Does the seller of a house have a legal obligation to advise the buyers about a flood that occurred after the parties entered into an agreement of purchase and sale but prior to closing? Can sellers be sued for misrepresentation if they sign a Seller Property Information Statement?
These are the central issues in the case of Soboczynski v. Beauchamp, which has now been through three court hearings and may be headed to the Supreme Court of Canada.
Back in 2007, Don and Louise Beauchamp decided to sell their property on Gardenvale Cr., in London, Ont. After inspecting the property, Adam and Olga Soboczynski submitted an offer to buy it for $290,000. The offer was accepted.
Before the conditions in the agreement were waived, the sellers delivered to the buyers a Seller Property Information Statement (SPIS) on a standard industry form which was provided to them by their realtor.
On the SPIS, the sellers stated that the property was not subject to flooding and that they would disclose any “important changes” to the buyers before closing.
The basement flooded before closing. The sellers dried out the wet rug and replaced the underpad at nominal cost, but did not disclose the flood to the buyers.
The basement flooded again after closing and the buyers sued the sellers for damages of $25,000 based on the representations in the SPIS.
Following the trial in November, 2011, the judge ruled there was no misrepresentation. The pre-closing flood did not have to be disclosed and the judge dismissed the case.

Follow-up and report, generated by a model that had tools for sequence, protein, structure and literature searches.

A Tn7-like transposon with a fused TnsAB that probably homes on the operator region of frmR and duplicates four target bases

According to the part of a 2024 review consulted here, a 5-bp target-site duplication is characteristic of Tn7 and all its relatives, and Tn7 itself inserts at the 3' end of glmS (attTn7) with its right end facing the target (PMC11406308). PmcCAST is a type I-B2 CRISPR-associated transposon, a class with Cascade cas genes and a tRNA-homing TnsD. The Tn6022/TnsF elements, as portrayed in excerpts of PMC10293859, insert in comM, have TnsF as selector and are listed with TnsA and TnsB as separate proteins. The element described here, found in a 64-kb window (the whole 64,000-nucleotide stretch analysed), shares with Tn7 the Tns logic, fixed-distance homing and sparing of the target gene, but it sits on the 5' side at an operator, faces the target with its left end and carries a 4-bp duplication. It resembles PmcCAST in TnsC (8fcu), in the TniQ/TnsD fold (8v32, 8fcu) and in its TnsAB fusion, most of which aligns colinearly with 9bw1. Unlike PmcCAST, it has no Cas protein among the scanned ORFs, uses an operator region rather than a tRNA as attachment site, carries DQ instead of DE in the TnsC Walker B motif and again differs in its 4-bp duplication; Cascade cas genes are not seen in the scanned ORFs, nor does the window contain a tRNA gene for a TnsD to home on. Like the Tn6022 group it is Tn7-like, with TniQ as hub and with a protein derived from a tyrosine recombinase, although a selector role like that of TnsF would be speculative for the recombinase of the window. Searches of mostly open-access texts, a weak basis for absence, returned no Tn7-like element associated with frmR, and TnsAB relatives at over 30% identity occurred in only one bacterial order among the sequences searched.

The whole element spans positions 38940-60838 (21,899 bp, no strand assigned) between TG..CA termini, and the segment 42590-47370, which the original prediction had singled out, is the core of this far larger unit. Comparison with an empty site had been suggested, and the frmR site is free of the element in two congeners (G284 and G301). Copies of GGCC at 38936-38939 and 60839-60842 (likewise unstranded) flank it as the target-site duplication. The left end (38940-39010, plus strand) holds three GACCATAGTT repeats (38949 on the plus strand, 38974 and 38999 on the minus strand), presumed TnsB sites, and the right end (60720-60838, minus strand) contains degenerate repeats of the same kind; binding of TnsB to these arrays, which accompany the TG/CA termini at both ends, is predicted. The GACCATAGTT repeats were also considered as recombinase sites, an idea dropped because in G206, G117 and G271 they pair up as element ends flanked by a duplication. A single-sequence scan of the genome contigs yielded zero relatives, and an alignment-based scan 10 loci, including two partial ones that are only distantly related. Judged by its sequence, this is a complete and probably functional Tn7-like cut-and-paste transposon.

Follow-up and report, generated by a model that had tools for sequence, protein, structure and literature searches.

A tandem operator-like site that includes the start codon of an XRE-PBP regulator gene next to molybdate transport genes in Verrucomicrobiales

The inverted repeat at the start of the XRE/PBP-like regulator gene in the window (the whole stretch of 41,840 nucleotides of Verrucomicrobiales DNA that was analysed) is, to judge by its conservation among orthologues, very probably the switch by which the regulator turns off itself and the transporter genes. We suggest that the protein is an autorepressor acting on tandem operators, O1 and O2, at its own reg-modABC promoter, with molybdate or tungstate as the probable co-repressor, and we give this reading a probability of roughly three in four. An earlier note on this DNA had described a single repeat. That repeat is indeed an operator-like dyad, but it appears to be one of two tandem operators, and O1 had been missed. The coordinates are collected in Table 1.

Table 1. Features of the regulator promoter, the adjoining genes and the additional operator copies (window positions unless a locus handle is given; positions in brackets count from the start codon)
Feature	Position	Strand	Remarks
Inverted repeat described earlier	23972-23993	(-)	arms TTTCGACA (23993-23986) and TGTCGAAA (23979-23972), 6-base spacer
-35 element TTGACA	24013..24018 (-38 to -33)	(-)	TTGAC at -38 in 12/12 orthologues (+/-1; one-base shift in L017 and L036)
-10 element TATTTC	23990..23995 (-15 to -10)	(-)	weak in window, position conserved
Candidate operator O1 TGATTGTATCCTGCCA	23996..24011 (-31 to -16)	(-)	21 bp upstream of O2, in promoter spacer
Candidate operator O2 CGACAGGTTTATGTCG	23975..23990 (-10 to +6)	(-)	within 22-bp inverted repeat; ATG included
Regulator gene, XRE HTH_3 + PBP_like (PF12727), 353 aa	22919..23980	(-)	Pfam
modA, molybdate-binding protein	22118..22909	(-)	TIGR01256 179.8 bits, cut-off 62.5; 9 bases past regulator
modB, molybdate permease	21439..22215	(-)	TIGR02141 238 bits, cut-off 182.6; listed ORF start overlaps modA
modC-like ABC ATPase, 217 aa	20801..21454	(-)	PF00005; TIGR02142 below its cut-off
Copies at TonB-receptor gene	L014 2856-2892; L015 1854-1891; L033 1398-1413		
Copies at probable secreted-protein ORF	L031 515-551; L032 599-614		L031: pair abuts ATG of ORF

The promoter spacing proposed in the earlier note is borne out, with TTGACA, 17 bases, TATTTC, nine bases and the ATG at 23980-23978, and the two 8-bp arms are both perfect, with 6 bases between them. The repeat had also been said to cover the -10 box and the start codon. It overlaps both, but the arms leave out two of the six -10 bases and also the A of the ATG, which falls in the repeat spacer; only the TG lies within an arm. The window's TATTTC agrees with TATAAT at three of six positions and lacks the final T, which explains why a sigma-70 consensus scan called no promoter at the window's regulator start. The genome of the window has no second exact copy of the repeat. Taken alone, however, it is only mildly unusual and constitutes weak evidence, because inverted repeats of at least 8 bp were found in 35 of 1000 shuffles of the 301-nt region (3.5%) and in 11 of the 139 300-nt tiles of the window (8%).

The buyers appealed to the Ontario Divisional Court which reversed the trial decision. The Court awarded them $25,000 in damages based on what it said was a negligent misrepresentation in the SPIS.
A further appeal by the defendant sellers was heard by the Ontario Court of Appeal last November. In April, 2015, a three-judge panel reversed the decision of the Divisional Court and restored the decision of the trial judge. The appeal court ruled that the pre-closing flood did not amount to substantial damage which required disclosure, and the SPIS statements did not constitute negligent misrepresentation.
Last month, London lawyer Erin McDermid filed an application to have the buyers’ appeal heard by the Supreme Court of Canada. Appeals of Small Claims Court decisions rarely make it to the highest court in the land, but this one might.
At McDermid’s request, and without taking sides in the case, I filed an affidavit stating that the SPIS form has been the subject of about 230 court decisions since 1997, with decisions going in different directions.
The courts, I said, agree that the use of the SPIS form is contentious and unsettled. Given the litigation spawned by the form, and the general uncertainty on whether or not the form is binding and enforceable, I am hoping that the Supreme Court will finally put the issues to rest — one way or the other.
Bob Aaron is Toronto real estate lawyer. His Title Page column appears on this blog, Move Smartly, and in The Toronto Star. You can follow Bob on Twitter @bobaaron2 and at his website aaron.ca Email Bob